The experience of Vancouver highlights the importance, and the difficulty, of building better cities

Vancouver. Image: Getty

Vancouver promotes itself as a modern if not postmodern city. Doug Coupland’s book, City of Glass, rightly captured the city’s look and aesthetic, which is dominated by high rises set against magnificent mountains and the ocean.

It’s an exciting place to live, profoundly multi-faceted and rich in diversity. It is a peaceful city with many contradictions, the downtown Eastside being the most visible example of the challenges faced by local governments struggling with the needs of the poor and underprivileged against a backdrop of incredible wealth and economic activity.

These contradictions are not unique to Vancouver. But there was always the hope that British Columbia and its largest city would find the measure of these problems and develop creative solutions to envision the city differently.

Over the last 16 years, I have been working on the development of a new campus for Emily Carr University of Art and Design. As a consequence, I have learned more than I ever could have imagined about the challenges of creatively engaging with the built environment in urban centres and with the ways in which cities like Vancouver are organized to both facilitate and impede the development of new areas of the city and the buildings we put into them.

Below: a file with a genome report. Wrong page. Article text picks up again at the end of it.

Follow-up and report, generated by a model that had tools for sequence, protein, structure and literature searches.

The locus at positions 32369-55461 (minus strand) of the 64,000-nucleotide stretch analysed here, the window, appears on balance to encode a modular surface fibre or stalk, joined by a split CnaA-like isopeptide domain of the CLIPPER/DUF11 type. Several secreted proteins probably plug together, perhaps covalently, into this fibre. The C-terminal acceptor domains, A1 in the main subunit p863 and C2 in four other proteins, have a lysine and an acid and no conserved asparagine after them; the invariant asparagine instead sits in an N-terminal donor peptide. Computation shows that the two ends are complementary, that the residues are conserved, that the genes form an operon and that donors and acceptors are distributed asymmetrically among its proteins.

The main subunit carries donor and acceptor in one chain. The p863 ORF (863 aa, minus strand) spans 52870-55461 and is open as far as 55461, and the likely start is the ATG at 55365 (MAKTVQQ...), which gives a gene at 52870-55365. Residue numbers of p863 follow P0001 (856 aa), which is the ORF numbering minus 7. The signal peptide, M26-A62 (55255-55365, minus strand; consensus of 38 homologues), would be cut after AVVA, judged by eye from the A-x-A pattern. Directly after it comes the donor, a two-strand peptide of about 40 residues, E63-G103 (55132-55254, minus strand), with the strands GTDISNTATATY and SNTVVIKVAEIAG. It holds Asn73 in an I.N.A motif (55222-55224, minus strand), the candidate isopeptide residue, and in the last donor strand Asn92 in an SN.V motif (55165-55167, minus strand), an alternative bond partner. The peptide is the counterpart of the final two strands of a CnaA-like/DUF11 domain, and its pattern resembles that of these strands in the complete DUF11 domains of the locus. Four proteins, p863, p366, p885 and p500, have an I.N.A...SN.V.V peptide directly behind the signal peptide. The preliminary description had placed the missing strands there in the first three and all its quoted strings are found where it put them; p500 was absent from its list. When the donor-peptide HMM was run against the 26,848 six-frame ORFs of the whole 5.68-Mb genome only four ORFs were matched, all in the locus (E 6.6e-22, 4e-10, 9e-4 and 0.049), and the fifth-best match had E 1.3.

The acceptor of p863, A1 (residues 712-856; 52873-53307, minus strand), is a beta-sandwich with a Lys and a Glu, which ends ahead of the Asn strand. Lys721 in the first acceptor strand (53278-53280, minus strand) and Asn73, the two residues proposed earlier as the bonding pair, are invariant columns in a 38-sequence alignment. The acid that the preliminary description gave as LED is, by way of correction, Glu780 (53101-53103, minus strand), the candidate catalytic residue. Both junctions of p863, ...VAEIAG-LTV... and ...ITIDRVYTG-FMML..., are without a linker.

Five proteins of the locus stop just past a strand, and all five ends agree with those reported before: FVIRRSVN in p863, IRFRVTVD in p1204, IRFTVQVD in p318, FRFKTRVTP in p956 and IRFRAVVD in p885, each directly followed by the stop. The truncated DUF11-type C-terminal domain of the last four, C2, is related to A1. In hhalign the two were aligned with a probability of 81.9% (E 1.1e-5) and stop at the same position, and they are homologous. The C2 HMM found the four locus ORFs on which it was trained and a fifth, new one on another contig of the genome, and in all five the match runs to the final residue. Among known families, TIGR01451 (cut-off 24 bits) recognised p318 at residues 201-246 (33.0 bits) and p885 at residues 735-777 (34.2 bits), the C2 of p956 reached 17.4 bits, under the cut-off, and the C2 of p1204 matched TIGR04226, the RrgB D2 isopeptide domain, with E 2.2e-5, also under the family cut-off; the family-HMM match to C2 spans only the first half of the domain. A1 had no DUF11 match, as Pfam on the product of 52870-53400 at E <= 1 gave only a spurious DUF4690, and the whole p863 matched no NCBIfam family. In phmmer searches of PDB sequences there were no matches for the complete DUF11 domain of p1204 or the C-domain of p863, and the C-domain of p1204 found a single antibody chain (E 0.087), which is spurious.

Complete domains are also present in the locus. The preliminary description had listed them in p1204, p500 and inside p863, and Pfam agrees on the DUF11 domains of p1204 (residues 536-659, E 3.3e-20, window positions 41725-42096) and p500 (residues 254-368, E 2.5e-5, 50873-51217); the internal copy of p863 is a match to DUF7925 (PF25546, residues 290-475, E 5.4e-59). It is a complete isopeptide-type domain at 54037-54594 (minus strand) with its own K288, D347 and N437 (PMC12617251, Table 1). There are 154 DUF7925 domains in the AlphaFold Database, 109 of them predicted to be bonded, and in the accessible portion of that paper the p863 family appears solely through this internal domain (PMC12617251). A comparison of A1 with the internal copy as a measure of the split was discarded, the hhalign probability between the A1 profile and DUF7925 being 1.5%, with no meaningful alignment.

The new campus is situated on what was the former site of the Finning Corp. Finning gifted 18 acres to four post-secondary institutions in the Vancouver area in 2001: University of British Columbia, Simon Fraser University, British Columbia Institute of Technology and Emily Carr.

The gift was generous and was given with the understanding that the lands would be used for collaborative purposes by the four institutions. The initial vision was to build and then share facilities in a cross-disciplinary environment for the benefit of students coming from many different parts of the city.

An unrealized vision

This vision was never realszed because the institutions never found the measure of each other’s strengths and never negotiated long enough to make something happen.

But Emily Carr decided to go ahead and build a new campus because of the four institutions, it owned no land and had leased its facilities over its 92-year history.

Among all the challenges, three stand out: Raising $122.5m to build the campus; developing the architectural plan for the facility and, finally, the City of Vancouver itself.

A summary of just some of the challenges: From permitting through to planning and engineering, differing interests, different personalities, sometimes ambiguous rules and regulations, conflict among people working at City Hall that led to many slowdowns, lack of clarity as to how to achieve the goals of the project, arbitrary interpretations of land use, conflict-laden discussions of transportation, parking and amenities.